High School Basketball Rules

Get the latest high school basketball rules and updates.

And learn the major rules of highschool basketball leagues summarized in the easy-to-understand list of terms below.

As a parent of a young player, I'm constantly surprised at the anger, frustration, and confusion I hear from spectators sitting in the stands during ball games

high school basketball rules

2012-13 NFHS H.S. Basketball Rules Simplified & Illustrated

A lot of the comments I hear come from parents who don't understand the referee's calls because they aren't familiar with the high school rules.

Don't sit through one more of your child's games without knowing the rules.

Each level of competition adopts slightly different rules. Find official rules for all types of basketball leagues.

If you're looking for an official H.S. basketball rules book, The National Federation of State High School Associations puts out a new one each year.

Just follow the link for the latest edition.

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The NFHS publishes playing rules for high school sports to ensure consistent standards for competition across the country.

They also put out another helpful resource called High School Basketball Rules by Topic.

This book organizes every rule and case play by topic to help you better understand the rules and how to apply them.


I've defined the major high school basketball rules below.

There are a lot of other basketball terms you need to know aside from these if you're going to spend much time around the game.

If you want a less technical, more general overview of the game, check out the basic basketball rules.

With this glossary of basketball terms, you'll have the major high school basketball rules covered.

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Alternating Possession – When there is a tied up ball between two opponents, teams alternate throwing the ball inbounds. An alternating possession arrow is used at the scorer's table to keep track of which team will receive the ball on the next possession. The direction of the arrow is reversed immediately after the throw-in ends. A jump ball is used only at the start of the game and each extra period.

Backcourt – The part of the court that is farthest away from the offensive basket. It refers to the team’s defensive half of the court.

Backcourt Violation – If a player is the last one on her team to touch the ball before it goes into the backcourt, she cannot be the first player to touch it in the backcourt.

Blocking – A personal foul caused when the defender makes illegal personal contact with an opponent who may or may not have the ball. Blocking is called when the defender impedes the progress of the opponent.

Bonus Free Throw – The second free throw awarded when a team reaches its 7th, 8th, and 9th foul in each half. It is awarded only if the shooter makes the first free throw. Once a team reaches its 10th foul in each half, the bonus is awarded whether or not the first free throw is made.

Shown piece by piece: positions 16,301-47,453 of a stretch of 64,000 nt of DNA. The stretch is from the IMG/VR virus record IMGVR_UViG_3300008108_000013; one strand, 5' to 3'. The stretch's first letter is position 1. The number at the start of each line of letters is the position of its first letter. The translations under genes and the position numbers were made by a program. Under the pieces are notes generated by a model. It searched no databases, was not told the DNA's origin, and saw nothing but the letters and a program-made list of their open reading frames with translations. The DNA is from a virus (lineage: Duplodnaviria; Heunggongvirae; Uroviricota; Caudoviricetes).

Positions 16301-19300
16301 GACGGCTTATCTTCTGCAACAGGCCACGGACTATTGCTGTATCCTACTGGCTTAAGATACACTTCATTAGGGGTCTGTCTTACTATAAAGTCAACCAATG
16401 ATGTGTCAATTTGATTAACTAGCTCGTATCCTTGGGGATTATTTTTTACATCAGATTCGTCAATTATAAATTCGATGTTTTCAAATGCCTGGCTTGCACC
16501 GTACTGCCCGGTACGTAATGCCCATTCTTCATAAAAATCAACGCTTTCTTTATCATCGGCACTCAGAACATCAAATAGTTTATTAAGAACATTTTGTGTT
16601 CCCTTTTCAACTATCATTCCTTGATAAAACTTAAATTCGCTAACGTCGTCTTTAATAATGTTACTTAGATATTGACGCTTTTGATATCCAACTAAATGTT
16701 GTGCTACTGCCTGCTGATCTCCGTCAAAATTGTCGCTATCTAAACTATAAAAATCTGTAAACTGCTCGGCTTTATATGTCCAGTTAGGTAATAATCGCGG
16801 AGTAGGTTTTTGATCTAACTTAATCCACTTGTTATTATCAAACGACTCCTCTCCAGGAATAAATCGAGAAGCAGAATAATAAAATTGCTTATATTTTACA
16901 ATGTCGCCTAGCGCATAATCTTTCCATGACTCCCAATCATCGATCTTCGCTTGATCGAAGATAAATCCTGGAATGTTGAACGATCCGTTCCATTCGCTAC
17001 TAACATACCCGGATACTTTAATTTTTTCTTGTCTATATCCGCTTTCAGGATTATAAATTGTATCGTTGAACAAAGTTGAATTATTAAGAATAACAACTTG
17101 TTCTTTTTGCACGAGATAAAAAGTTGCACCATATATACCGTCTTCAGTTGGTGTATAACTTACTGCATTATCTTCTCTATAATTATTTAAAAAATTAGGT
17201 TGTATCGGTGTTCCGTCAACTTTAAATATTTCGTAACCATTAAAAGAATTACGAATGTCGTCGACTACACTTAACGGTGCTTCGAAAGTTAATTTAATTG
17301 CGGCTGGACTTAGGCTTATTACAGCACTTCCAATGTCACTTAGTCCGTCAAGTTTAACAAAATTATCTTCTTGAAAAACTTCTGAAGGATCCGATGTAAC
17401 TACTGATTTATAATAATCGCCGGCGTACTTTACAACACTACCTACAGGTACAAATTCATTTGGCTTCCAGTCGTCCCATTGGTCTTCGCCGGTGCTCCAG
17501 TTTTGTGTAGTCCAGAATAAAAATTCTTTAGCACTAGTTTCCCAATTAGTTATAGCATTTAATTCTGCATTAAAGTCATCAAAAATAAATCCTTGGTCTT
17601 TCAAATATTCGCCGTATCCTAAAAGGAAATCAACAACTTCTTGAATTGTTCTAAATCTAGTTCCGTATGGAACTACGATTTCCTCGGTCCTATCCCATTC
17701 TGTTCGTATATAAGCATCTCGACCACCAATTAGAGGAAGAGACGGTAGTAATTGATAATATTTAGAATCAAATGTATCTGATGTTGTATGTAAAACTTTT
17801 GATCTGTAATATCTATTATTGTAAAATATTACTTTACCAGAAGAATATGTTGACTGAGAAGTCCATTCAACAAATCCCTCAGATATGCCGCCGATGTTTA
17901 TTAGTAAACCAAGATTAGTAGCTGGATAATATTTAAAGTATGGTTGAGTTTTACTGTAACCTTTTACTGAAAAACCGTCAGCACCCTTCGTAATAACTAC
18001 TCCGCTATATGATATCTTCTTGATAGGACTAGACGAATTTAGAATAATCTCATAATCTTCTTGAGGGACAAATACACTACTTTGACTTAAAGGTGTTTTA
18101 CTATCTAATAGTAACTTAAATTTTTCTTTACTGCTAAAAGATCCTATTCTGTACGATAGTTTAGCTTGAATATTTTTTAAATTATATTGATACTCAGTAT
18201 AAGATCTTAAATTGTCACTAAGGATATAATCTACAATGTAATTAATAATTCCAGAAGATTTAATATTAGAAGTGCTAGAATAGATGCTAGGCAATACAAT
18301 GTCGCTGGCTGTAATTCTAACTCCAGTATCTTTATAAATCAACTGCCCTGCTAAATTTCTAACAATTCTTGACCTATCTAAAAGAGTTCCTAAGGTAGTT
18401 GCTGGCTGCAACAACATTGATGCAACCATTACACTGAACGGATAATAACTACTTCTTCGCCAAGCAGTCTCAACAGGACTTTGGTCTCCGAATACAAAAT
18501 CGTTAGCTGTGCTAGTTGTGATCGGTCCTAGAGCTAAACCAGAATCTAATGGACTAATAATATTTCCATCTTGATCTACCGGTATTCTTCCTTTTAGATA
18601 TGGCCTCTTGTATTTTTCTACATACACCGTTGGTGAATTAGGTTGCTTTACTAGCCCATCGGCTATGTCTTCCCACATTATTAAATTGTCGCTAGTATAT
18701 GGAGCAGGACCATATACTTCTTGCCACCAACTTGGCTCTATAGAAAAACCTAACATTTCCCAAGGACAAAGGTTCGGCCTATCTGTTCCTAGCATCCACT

Charging (or Player Control Foul) – A personal foul occurring when an offensive player makes contact with a defender who has already established a set position. A player with the ball must avoid contact with a stationary defender by stopping or changing direction.

Closely Guarded (or Five-second Violation) – Violation that occurs when a ball handler in his team's front court is continuously guarded by any opponent who is within six feet of him while he is either dribbling or holding the ball. The offensive player has 5 seconds to either get rid of the ball or drive past the defender.


Dead Ball – A ball that is out of bounds or no longer in play for some reason due to the official’s whistle.

Defense – The team that does not have possession of the ball.

Double Fouls – When two opponents commit fouls against each other at the same time.

Dribble – A method of movement in which the player in control of the ball pushes it to the floor. The ball has to hit the floor before the ball handler lifts her pivot foot. The dribble ends when the dribbler catches the ball in one or both hands; palms or carries the ball in one or both hands; touches the ball with 2 hands at the time same; or the ball handler loses control of the ball.

Elbowing – It is a violation for a player to swing the elbows excessively.

Established Position – The position held by a defender who is firmly set in place with both feet planted on the floor. If an offensive player runs into a defender who has established his position, he will be called for charging.

Extra Period (or Overtime) – If the score is tied at the end of regulation, play continues for one or more additional periods until one team is ahead when the extra period ends.


Field Goal (see Scoring) – A basket that is made.

Five-Second Violation (see Closely Guarded)

Flagrant Foul – A personal or technical foul, which is violent in nature. Examples are fighting, striking, kicking, or kneeing an opponent.

Foul – An infraction of the rules, which results in a player being charged and penalized. Each player is allowed 5 fouls before they are removed from the game.

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Free Throw – An opportunity for a player who has been fouled to shoot the ball from the free throw line without being hindered by an opponent. A made free throw is worth one point.

Frontcourt – The offensive half of the basketball court.

Goaltending – Occurs when a player touches a shot ball while it is in its downward flight above the rim. It also occurs when a defender touches a free throw attempt outside the basket.